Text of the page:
The gelled acid pulls the color back out from the concrete in the exposed and treated areas-again in a way that is random with subtle variations.
Acid is not the most pleasant material to work with and you must take precautions and get lots of ventilation going, but it’s a standard finish for decorative concrete and MAN it’s gorgeous!! Special thanks to Melissa and Richard for their help with this project. We actually were able to get through this in a few hours. This type of pattern would typically be used on a vertical wall surface, but the stripe effect on the floor really looks quite nice and makes the room seem a little bigger as well!
Speaking of concrete! Please check out this post from my Artofliving blog about our weekend wine country trip with the fabulous Bob Harris and Bob and Lee Ann’s harley ride across the country to raise money for Breast Cancer Research.
March 24th, 2008
While it is mandatory in Marrakech to have your building be one of a few slightly varying shades of a peachy terra cotta color, it must be mandatory in the pretty little seaside town of Essaouira (2.5 hrs drive west to the Atlantic Ocean) to paint your ancient wooden door a fabulous shade of peeling blue paint. Me to my son: Look! There’s another great blue door, I have to get a picture. Him to me: (in the dry way only a child can say) Mom, they’re ALL blue! I guess I’ll have to go back to photograph the other 1,429.
Even the boats….
Maryam just recently posted about doors as well. Even better than what you see is what you can’t see behind them. Ahh, the mysteries of Morocco.
March 23rd, 2008
All aboard/that pla-aa-aane! Wow! I had such a hard time figuring out where to begin to share all the exciting sights and happenings on my trip to Barcelona/Marrakech/Madrid that a whole week has already gone by since my return. I’ll start with Marrakech first:
It’s just hard not to be made speechless by the quantity and quality of the decoration there. Everywhere there! Even the most humble restaurants and buildings are a visual smorgasbord of color and pattern. The colorful fabrics, the lacy metalwork, the painted pottery, berber carpets, intricate carved plaster, inlaid wood, embroidered leather, zelij tiles, bebouches (leather slipper/shoes), the tadelakt walls that are everywhere with sgraffito borders ”scratched” into them: Everywhere you look is a feast for the eyes! Here’s just a sampling-
Left are the 2 story high windows at the Marrakech airport that is undergoing renovations. I looked at these closely, of course, and believe that the vinyl was all cut by hand! At right is an antique painted wood door that was in our courtyard at Riyad el Cadi.
Zelij tile floor at Ali ben Youssef Medersa and, right, a wall in a hammam.
A trip to Jardin Majorelle is required I think, if just to experience the most pure blue and yellow colors you will ever see. At right, stencil templates are used to transfer patterns for carving wood and plaster.
Tadelakt and a Sgraffito border at a restaurant off the amazing Jemaa el-fna and, right, the berber carpet that is hopefully winging its way to my dining room as I write!
My son Dan and I had a wonderful time meeting the most lovely Maryam, both in town and at Peacock Pavilions. She is all that you would expect, and then some more! One of my favorite memories is her and her friend bargaining (in perfect French, of course) with a vendor for about 10 minutes to get me a good price on my new fake Ray Bans. She’s tough, this girl! Our creative journey together continues!! Maryam and Chris’ style is very chic and sophisticated and their goal is to incorporate traditional Moroccan designs and motifs in a very modern, unexpected way into their interior spaces. And so we shall……more to come, of course. I am chomping at the bit to get back there with our painting group in May! Morocco is definitely NOT the kind of place to visit just once.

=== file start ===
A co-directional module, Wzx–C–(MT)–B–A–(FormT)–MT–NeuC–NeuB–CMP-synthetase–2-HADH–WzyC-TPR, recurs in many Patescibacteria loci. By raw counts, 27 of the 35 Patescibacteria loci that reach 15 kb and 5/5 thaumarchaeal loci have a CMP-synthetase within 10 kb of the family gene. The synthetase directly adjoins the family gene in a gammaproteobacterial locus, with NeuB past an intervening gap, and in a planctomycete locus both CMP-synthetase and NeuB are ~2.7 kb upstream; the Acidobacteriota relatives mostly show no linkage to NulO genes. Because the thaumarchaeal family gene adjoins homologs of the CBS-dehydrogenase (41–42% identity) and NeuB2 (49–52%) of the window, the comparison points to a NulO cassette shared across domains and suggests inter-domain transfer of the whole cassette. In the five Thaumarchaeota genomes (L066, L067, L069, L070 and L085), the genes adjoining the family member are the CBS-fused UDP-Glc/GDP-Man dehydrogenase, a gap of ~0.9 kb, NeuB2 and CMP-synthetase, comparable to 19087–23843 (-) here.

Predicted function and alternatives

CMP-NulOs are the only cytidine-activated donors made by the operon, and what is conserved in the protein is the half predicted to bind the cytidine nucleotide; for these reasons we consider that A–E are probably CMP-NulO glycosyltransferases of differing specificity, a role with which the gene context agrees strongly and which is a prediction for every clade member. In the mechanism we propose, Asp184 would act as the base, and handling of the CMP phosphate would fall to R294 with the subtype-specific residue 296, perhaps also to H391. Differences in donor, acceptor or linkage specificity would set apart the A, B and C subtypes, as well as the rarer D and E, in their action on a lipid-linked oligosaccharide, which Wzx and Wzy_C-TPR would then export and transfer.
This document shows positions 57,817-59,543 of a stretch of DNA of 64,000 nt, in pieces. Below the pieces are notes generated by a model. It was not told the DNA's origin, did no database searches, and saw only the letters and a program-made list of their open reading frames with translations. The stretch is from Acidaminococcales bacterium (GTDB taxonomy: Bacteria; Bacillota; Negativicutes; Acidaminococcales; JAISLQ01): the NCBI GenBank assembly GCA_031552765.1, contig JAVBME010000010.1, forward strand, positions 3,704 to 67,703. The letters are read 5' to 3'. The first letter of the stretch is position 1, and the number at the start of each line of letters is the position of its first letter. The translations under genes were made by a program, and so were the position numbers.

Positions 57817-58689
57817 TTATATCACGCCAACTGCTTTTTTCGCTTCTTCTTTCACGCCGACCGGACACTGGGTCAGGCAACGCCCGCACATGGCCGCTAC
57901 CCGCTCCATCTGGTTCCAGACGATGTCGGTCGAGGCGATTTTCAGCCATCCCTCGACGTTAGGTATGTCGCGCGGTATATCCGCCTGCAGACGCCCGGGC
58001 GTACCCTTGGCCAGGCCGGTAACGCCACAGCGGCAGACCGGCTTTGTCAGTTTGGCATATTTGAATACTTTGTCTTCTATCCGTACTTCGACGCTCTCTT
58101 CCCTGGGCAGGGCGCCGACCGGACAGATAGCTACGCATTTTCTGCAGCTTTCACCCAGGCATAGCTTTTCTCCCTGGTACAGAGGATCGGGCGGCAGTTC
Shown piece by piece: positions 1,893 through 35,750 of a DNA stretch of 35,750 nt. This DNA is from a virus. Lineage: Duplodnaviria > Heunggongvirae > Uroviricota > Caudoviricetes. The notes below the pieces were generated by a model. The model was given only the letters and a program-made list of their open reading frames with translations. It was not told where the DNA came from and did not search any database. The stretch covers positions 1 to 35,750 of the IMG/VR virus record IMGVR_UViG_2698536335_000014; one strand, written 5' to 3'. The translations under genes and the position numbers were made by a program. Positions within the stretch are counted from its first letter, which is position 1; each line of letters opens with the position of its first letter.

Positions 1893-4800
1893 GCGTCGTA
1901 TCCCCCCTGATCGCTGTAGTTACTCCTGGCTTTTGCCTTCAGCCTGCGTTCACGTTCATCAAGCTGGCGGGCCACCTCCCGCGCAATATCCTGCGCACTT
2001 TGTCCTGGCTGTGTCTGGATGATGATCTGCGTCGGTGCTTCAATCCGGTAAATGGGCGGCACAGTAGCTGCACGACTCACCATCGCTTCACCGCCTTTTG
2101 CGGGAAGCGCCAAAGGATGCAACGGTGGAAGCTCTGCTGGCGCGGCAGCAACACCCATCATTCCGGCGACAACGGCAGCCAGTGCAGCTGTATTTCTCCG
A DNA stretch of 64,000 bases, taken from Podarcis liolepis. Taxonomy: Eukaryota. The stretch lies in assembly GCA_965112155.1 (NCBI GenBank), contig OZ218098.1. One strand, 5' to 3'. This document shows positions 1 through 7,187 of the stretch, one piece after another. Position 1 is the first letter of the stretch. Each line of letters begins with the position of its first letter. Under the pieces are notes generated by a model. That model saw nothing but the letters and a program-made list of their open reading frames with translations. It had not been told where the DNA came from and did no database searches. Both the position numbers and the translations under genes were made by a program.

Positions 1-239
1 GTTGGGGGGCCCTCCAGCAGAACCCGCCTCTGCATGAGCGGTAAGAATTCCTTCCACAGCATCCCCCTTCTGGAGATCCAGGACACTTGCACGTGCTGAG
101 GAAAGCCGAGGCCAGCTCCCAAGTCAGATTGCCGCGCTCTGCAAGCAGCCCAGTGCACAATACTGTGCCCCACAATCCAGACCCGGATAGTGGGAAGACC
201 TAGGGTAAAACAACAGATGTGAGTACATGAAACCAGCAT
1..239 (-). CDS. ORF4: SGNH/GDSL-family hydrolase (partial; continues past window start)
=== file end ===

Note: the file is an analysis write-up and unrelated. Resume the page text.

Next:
There are more of my trip photos here and here also is another great flickr set on Marrakech by someone who is actually a very GOOD photographer, rather than the accidental one that I seem to be!
March 19th, 2008
I’m still a bit out of it from my Spain/Morocco trip-Trying to catch up with new business, reintroduce myself to ongoing projects and organize my trip photos on flickr so I can share them in some semblance of order. Why does everything take so long? Oh yeah, it must be that you can/should add titles, descriptions and tags now to all your photos. That on top of my need to crop each one at the exact same size, adjust the “curves” because I can, etc. in Photoshop. Almost there.
Meanwhile, I found out by linking back through my incoming links from The Crafty Cameleon in California (thank you and love your sand art!) that this blog was listed on House Beautiful’s website under their “sites we love” area. How cool is that!!!! I had no clue. Not surprising. I just love this blogging stuff….
March 18th, 2008
Of the many books I have on Morocco and Moroccan architecture and design this is one of the best…..Living in Morocco-Design from Casablanca to Marrakesh.
As a PS to this post I have to share that if you EVER find yourself in the Marrakesh airport-which currently pretty small but undergoing an expansion-CHECK OUT the bookstore!!! They have the most amazing selection of art, architecture and design books. They are mostly all in French, but who doesn’t just look at the pictures most of the time anyway!?
I was too loaded down at this point to pick up a heavy book, but next time I will know better….
March 10th, 2008
Some pretty images from Morocco Modern
More carved plaster designs….
And that amazing blue!